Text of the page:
Stella Ng PhD
Scientist - The Wilson Centre
Director of Research, Centre for Faculty Development
Assistant Professor, Department of Speech-Language Pathology
Faculty of Medicine, University of Toronto
Dr. Stella Ng is exploring how health professionals create practice-based knowledge within complex social contexts. Her research aims to reveal how health professionals develop and deploy esoteric forms of knowledge when faced with uncertainty or conflicted values, and how existing social and healthcare structures influence practice. One ongoing study focuses on the work that occurs when health professionals must share and negotiate knowledge with schools to support children, with chronic conditions, in accessing school-based health support. Investigating the social and systemic coordinators of practice when healthcare professionals apply various forms of knowledge and enact multiple roles outside of traditional healthcare settings, this research is asking: What forms of knowledge are being used and when? What and whose knowledge is seen as legitimate, and by whom? How are these conceptions and structures of legitimate knowledge being coordinated, socially and systemically?
Answering these types of questions may help the health professions education field approach practical efforts, like competency-based education, evidence-based practice, or curricular design, with empirically rich and nuanced understandings of the dynamic, socially coordinated and constructed nature of practice, and how health professionals develop and deploy practice-based knowledge therein. Stella’s research is primarily influenced by theories of reflective practice as “epistemology of practice” and critical/constructivist qualitative research approaches.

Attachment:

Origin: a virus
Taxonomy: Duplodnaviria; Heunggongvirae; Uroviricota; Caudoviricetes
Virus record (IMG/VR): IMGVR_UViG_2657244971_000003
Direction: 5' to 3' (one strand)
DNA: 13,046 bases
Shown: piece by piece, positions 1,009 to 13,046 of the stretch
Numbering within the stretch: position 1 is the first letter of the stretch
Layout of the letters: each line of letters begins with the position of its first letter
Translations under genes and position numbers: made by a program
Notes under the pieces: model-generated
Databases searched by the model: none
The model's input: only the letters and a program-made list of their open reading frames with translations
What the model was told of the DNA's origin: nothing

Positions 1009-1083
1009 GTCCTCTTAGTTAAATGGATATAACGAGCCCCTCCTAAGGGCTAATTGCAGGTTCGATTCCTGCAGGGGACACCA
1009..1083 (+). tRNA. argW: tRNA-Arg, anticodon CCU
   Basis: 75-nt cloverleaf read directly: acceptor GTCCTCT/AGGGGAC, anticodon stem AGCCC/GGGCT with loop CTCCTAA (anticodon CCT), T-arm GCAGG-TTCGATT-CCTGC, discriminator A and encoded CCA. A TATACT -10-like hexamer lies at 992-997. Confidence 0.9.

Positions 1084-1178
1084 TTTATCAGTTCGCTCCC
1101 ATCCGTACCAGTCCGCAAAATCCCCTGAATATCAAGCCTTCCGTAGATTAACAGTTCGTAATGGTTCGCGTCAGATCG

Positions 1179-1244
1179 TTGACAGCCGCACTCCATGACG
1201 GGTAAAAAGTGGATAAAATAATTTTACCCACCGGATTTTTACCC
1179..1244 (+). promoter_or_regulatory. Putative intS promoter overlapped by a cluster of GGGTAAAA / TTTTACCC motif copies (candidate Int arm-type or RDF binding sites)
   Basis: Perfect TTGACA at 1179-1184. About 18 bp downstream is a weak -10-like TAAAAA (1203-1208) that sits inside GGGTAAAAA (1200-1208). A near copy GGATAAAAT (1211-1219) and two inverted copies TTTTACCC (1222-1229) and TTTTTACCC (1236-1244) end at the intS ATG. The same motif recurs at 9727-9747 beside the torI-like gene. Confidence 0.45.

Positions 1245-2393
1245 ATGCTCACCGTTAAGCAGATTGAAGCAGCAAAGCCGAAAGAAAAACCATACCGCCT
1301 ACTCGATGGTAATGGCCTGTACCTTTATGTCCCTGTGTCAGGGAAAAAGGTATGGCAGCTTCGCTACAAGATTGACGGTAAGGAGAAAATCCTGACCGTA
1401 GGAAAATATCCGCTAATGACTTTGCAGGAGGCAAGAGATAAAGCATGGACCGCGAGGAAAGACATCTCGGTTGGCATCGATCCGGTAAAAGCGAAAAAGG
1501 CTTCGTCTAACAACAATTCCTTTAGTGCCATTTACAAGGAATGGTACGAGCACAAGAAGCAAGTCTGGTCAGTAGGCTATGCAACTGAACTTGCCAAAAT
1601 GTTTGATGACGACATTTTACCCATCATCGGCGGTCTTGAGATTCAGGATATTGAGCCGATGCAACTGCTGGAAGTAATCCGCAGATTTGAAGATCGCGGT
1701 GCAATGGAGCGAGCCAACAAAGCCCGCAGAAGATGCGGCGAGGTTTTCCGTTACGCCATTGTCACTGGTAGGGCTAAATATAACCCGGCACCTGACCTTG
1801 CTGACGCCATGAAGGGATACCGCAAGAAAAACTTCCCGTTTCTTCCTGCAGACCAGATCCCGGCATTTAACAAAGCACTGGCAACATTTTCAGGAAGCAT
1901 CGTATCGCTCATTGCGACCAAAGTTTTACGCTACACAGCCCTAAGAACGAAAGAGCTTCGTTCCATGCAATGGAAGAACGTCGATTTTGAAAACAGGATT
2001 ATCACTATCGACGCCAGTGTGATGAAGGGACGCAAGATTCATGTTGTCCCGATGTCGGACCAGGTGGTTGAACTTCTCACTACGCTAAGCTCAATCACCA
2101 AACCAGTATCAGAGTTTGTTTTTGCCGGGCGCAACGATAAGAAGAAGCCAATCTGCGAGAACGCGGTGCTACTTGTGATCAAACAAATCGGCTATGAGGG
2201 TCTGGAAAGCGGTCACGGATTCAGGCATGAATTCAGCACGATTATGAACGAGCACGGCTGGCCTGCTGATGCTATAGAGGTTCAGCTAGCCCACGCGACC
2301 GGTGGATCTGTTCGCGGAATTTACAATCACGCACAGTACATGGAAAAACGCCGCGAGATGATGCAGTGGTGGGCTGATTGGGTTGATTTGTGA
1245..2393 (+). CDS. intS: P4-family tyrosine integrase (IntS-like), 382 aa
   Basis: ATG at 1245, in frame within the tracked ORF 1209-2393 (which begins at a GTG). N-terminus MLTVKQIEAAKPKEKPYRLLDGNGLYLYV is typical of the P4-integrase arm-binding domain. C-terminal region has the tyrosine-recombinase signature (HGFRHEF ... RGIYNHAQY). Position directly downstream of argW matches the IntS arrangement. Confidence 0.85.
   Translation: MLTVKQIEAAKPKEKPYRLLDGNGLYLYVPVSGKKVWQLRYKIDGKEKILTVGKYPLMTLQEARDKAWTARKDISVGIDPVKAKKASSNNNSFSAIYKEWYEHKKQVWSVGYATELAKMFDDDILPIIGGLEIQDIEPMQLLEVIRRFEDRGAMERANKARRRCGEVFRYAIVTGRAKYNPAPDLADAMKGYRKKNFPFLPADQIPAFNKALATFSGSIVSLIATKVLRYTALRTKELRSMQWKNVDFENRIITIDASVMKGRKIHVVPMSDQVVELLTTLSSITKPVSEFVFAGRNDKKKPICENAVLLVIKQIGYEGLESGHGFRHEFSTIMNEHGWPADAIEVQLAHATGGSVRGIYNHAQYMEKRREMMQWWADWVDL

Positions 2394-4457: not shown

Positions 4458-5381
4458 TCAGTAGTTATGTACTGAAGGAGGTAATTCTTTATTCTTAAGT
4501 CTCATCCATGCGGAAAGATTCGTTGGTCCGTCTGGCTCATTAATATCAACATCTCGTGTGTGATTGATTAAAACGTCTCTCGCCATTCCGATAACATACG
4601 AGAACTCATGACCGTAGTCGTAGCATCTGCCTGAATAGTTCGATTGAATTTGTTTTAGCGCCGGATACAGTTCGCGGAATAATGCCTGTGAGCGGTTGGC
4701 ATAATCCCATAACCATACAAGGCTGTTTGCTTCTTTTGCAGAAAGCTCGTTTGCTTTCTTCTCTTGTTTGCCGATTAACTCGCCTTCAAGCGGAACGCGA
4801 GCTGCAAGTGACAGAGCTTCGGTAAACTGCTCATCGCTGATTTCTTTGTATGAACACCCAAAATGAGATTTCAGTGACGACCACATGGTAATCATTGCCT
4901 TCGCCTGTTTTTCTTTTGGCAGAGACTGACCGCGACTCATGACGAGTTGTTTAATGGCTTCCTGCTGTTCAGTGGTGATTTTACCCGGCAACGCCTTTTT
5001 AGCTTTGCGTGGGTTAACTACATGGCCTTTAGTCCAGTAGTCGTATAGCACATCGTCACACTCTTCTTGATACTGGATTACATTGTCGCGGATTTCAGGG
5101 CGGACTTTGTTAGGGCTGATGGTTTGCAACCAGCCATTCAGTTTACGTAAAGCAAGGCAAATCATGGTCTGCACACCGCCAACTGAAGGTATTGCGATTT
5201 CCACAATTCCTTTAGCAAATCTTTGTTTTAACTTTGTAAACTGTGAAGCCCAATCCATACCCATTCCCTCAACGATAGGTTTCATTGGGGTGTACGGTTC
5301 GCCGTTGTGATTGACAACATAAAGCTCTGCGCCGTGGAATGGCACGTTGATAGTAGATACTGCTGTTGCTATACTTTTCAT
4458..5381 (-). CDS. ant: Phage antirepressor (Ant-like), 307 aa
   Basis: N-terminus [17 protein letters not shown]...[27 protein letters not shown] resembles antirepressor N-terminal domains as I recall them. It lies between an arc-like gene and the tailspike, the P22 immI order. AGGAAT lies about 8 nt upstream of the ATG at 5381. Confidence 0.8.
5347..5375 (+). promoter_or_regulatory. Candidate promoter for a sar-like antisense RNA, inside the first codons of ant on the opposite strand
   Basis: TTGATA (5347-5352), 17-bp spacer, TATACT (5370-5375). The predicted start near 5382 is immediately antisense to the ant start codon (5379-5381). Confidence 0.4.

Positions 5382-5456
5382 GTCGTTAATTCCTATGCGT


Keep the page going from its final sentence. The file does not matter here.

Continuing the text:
Stella’s PhD is in Health Professional Education from The University of Western Ontario. She is a Registered Audiologist with a pediatric-educational audiology practice background and remains engaged in educational activities in her professional discipline. She finds collaborating with others enriching, and is currently working closely with scholars of adaptive expertise, critical discourse analysis, and critical disability studies. Such collaborations are bolstered by Stella’s primary appointments as Director of Research, Centre for Faculty Development; Education Scientist, Centre for Ambulatory Care Education; and Assistant Professor, Dept. of Speech-Language Pathology, Faculty of Medicine, University of Toronto, and continued affiliation with the Centre for Education Research & Innovation at Western University.
Current Fellow(s): Jacquelin Forsey